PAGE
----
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Commuters hail comfortable travel despite increased fares

Travellers  using  Public Service Vehicles have decried the upward review of fares amidst the Covid-19
pandemic but expressed happiness with the quality of services provided by the transport operators.

PSV  vehicles  plying Meru-Nanyuki Highway are charging double fares, citing the excuse that the Ministry
of  Health protocols demand that they carry less passengers unlike before.

For  instance, 14-seater matatus  carry eight passengers who are charged Sh.400 as opposed to before March
when the fare between the two towns was Sh.250.

Some  travelers  told KNA that the move is a good one even if they are forced to dig deeper into their
pockets to travel.

They  stated  that limiting the carrying capacity of the vehicles not only saves them from the risks of
contracting  the corona virus but also guarantees them comfort while on transit.

Some of the travelers along the route said the seating arrangement provides them with ample space to
even carry luggage without interfering with the comfort of their fellow passengers.

The  middle seat is always empty which provides them space for carrying their personal effects while on  transit  unlike before when they would bundle them under the chairs hence affecting the comfort of other travelers.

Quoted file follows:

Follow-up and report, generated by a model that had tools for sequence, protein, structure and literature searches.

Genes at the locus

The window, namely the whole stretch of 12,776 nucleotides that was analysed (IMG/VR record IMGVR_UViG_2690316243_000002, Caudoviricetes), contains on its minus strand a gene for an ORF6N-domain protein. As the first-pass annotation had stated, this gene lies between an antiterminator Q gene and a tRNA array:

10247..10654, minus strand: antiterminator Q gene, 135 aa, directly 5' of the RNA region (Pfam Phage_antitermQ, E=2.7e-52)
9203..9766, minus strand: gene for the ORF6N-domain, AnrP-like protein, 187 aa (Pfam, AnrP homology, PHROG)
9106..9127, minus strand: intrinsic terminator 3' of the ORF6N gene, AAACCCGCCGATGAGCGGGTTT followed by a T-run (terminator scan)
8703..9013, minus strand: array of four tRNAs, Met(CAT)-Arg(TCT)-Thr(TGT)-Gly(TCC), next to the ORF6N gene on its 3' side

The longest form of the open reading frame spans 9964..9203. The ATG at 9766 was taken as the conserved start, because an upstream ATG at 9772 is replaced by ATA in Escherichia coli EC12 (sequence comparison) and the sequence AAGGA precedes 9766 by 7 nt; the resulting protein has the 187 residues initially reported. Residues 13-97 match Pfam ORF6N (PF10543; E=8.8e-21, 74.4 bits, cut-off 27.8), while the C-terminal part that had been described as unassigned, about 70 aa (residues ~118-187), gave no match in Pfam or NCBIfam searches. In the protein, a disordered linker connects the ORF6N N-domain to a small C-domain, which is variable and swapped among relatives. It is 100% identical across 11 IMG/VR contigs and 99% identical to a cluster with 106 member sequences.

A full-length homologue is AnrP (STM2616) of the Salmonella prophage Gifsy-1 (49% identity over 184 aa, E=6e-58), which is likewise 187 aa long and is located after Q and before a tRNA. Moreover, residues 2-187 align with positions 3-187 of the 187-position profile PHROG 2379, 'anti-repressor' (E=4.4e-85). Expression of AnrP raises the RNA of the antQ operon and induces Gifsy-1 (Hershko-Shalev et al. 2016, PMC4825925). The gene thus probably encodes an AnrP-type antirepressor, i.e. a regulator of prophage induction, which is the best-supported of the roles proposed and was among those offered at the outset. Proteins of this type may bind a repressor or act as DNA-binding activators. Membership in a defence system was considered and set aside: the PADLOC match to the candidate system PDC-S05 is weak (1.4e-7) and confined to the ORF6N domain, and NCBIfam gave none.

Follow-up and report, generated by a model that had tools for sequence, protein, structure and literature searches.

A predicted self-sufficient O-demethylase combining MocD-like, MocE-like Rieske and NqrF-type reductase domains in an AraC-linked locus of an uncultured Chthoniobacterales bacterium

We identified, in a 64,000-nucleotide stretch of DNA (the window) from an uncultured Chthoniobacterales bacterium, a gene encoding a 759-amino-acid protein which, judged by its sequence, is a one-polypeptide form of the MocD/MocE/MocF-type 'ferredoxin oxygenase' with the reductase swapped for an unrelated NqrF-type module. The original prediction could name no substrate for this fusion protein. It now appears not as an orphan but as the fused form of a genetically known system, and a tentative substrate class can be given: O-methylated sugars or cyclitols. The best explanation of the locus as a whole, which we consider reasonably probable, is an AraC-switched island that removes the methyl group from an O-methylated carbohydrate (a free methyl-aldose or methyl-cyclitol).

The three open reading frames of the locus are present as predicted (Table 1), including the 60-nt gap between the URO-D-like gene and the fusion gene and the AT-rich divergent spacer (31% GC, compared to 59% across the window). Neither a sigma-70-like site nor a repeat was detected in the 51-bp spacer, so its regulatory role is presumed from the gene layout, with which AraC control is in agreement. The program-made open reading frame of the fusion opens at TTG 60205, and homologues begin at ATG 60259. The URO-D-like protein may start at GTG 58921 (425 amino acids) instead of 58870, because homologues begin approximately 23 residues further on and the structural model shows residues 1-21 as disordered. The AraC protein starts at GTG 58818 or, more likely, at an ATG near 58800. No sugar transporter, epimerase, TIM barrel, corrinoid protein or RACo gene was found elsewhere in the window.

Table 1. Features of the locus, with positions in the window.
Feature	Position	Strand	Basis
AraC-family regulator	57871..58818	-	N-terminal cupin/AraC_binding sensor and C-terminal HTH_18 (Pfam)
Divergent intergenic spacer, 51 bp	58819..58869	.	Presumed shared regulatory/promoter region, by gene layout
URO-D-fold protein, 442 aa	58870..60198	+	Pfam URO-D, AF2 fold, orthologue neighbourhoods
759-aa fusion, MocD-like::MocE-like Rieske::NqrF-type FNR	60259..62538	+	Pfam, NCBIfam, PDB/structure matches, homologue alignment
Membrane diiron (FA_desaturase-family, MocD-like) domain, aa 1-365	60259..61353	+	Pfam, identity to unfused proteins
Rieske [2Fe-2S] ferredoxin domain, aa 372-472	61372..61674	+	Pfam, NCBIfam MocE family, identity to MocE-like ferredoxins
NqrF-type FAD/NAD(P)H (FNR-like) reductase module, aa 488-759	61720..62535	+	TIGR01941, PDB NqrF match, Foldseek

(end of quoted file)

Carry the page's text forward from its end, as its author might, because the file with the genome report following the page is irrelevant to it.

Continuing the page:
“I had been fearing for fragile commodities when using public transport but for now it isn’t risky  anymore. Travelling with a child is also easier since the middle seat is always free,” said Irene Karambu.

Karambu  also mentioned that the vehicles’ carrying capacity is kept to the minimal unlike before when vehicles had trouble moving while at full capacity.

She  added that passengers with huge body sizes no longer pose a challenge to other travellers unlike before when they would compete for the available space.

Passengers  want the current travel protocols in PSVs upheld even after the Covid-19 pandemic is contained, arguing  that traveling in the matatus has been so challenging before.

They said the move would even attract more people to respect the matatu industry and opt to use as a key means of transport.

“I used to dislike using public transport but with the current guidelines I feel very comfortable using  it,” said a passenger  who sought anonymity.

Meanwhile, the transport operators lamented over the low number of travellers forcing some of them to spend more time at bus termini waiting for passengers.

By  Richard  Muhambe

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